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College Football / Week 4 | In The Spotlight

Prairie View A&M Ends 80-Game Streak

September 27, 1998

It took almost nine years, but Prairie View A&M finally tasted victory.

The Panthers ended their NCAA-record 80-game losing streak Saturday night, stopping a two-point conversion in the final minute for a 14-12 victory over Langston at Oklahoma City.

The victory was the Panthers' first since Oct. 28, 1989, when they defeated Mississippi Valley, 21-12. The streak started the following week with a 19-18 loss at Langston.

"It was well overdue," said Prairie View Coach Greg Johnson, who left Langston two years ago to rebuild the Panther program. "There wasn't any doubt in my mind what we could do.

"We just had to believe and come through in the stretch."

Langston cut Prairie View's lead to 14-12 on Archie Craft's 51-yard touchdown pass to Ted Roberts with 34 seconds left. Langston then went for the tying two-pointer, but Craft was stopped just short of the goal line on a quarterback sneak.

It took the referees about 15 seconds to untangle the pile of players near the goal line and signal that the conversion failed. When the signal finally came, Prairie View players began celebrating with hugs and shouts of joy.

Langston tried an onside kick after its last score, but Prairie View recovered and ran out the clock.

Prairie View, an NCAA Division I-AA school that offers only 15 football scholarships, suffered 19 shutouts--including a 92-0 loss against Alabama State in 1991--and went through four coaches during its streak.

But the victory over Langston erased those memories.

"Tonight the score on the scoreboard validated something we always knew--this was a team of winners," said Larry Raab, Prairie View's vice president. "Even at the very end we had a chance to fold. This group of young men chose not to do that."


UCLA and Miami called off their game at Miami because of fears about Hurricane Georges.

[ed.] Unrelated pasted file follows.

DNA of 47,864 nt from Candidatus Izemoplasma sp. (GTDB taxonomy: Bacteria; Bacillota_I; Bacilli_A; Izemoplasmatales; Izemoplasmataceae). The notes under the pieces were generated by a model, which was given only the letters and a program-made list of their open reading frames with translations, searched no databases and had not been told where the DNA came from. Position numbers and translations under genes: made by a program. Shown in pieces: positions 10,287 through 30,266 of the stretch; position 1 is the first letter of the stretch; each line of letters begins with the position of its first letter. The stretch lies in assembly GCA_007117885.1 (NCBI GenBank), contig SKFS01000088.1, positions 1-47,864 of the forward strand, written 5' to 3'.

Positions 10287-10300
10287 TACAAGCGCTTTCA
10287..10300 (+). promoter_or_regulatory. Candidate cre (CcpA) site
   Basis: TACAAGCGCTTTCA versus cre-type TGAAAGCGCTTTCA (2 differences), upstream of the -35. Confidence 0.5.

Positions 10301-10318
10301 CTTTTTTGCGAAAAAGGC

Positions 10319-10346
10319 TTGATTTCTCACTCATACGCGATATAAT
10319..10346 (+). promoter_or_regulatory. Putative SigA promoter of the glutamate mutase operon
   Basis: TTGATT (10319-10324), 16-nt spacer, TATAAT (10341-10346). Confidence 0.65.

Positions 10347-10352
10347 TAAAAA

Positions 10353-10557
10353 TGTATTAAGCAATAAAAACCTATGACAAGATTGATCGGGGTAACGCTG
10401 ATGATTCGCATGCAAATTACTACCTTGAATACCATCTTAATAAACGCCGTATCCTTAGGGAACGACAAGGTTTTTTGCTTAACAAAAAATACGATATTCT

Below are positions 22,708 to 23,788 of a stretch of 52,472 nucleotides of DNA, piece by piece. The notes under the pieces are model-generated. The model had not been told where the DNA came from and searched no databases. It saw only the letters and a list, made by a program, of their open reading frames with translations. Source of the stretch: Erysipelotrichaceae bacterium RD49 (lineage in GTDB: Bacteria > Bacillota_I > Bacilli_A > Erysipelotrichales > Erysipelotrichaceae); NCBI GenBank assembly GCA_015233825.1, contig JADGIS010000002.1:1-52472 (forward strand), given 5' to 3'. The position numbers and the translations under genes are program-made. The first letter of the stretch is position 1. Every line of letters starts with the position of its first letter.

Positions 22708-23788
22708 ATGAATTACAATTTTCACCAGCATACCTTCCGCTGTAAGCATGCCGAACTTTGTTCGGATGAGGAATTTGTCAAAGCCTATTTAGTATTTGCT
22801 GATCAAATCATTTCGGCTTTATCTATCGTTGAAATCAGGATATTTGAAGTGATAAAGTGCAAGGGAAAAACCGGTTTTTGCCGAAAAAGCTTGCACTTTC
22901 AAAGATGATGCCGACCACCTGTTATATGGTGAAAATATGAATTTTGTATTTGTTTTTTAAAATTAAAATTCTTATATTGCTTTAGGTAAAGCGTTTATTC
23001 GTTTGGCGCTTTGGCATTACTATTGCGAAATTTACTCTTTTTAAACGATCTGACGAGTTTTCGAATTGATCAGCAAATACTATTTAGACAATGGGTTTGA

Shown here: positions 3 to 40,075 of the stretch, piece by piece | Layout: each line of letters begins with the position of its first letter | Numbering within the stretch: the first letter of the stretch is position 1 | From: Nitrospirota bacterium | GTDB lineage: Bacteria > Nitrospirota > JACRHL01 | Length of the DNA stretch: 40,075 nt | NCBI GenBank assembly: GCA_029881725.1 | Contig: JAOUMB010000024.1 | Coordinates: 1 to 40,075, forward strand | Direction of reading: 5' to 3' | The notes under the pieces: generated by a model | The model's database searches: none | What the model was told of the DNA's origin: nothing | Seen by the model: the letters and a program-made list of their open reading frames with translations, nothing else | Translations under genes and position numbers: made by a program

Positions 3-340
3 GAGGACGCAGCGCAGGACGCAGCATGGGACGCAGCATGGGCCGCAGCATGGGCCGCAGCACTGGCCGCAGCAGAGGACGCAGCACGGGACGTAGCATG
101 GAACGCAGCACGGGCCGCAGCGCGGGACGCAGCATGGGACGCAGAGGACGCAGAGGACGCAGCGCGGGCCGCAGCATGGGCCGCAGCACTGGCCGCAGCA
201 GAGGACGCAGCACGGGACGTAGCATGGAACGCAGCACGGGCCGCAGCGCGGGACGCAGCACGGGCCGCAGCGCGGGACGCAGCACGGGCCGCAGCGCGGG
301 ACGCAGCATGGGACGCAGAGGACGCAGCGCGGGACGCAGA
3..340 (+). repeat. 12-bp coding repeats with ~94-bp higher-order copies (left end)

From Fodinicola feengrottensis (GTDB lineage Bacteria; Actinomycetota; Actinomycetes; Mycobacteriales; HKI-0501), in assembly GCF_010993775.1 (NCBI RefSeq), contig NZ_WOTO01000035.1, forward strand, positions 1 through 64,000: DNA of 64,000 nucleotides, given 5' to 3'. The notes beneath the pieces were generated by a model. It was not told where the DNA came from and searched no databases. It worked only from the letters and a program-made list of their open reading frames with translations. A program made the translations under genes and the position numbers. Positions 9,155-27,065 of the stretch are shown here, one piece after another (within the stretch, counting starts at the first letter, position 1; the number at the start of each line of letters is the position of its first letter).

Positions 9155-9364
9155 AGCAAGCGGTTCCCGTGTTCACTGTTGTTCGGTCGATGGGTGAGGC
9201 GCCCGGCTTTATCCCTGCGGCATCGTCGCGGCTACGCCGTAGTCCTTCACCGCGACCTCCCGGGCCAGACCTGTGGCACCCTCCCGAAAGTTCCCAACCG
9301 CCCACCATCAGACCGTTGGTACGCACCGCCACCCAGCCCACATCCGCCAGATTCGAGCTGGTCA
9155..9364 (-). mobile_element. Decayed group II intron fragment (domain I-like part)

With temperatures in the mid-80s in the Miami area of the Sunshine State on Saturday, and various sports events going off without a hitch, players and coaches at the two schools couldn't be blamed for wondering aloud, "What kind of deal is this?"

That's what horse racing fans were doing at Miami's Calder race track, where longshot Whatkindadealisthis led at the eighth pole of the $75,000 Foolish Pleasure Stakes race before losing to One Last Trick.

The Philadelphia Phillies might have been thinking the same thing after scoring only three runs in 23 innings while getting swept in a doubleheader by the Florida Marlins.


Arizona State Coach Bruce Snyder isn't filling up the win column with regularity so far this season, but he is, apparently, helping to fill Sun Devil Stadium.

So, despite the underachieving Sun Devils' 1-2 record entering Saturday night's game against Oregon State, Snyder--the highest-paid state employee in Arizona--is getting a raise.

The Board of Regents, which oversees Arizona's three state universities, approved a bonus that will give Snyder an additional $45,000 a year, pushing his salary to $595,000. With incentives he could earn $675,000, not counting money he can earn in side contracts with shoe and apparel companies.

Snyder's bonus comes in the form of $5 for each season ticket sold after the first 40,000. Arizona State sold 49,000 this season.


Tim Couch became Kentucky's career leader in passing yardage and had his fifth consecutive 300-yard passing day. He played what his coach described as his best game.

Couch, however, left Florida still lacking one important thing: a victory over the Florida Gators.

Since making his first start two years ago against Florida, Couch has faced the Gators three times: a 65-0 blowout in 1996 at the Swamp in Gainesville; a 55-28 beating last year at Lexington; and Saturday's 51-35 loss.


Denver Johnson, coach of Division I-AA Murray State, had no illusions about what was going to happen Saturday against Brigham Young.

"They get a win, we get a weight room," Johnson said before the game.

Johnson was alluding to the paycheck--reportedly in the neighborhood of $500,000--that Murray State was set to receive for making an appearance in Provo.

"This is a revenue game for us, and they need a victory at this point in their schedule," Johnson said. "We understand that, and we're unapologetic about what it is."

Murray State played its role to perfection, losing 43-9.


1. Tim Couch, Kentucky: Completed 40 of 61 passes for 406 yards and three touchdowns, but had two passes picked off in fourth quarter in loss at Florida.

2. Ricky Williams, Texas: Gained a career-high 318 yards and scored six touchdowns in victory over Rice.

3. Daunte Culpepper, Central Florida: Passed for 320 yards and four touchdowns, rushed for another in win over Bowling Green.

4. Cade McNown, UCLA: Game against Miami canceled because of real Hurricane scare.

5. Donovan McNabb, Syracuse: Orangemen had an open date.

6. Ron Dayne, Wisconsin: Gained 168 yards in 22 carries and scored on a 46-yard run in win over Northwestern.

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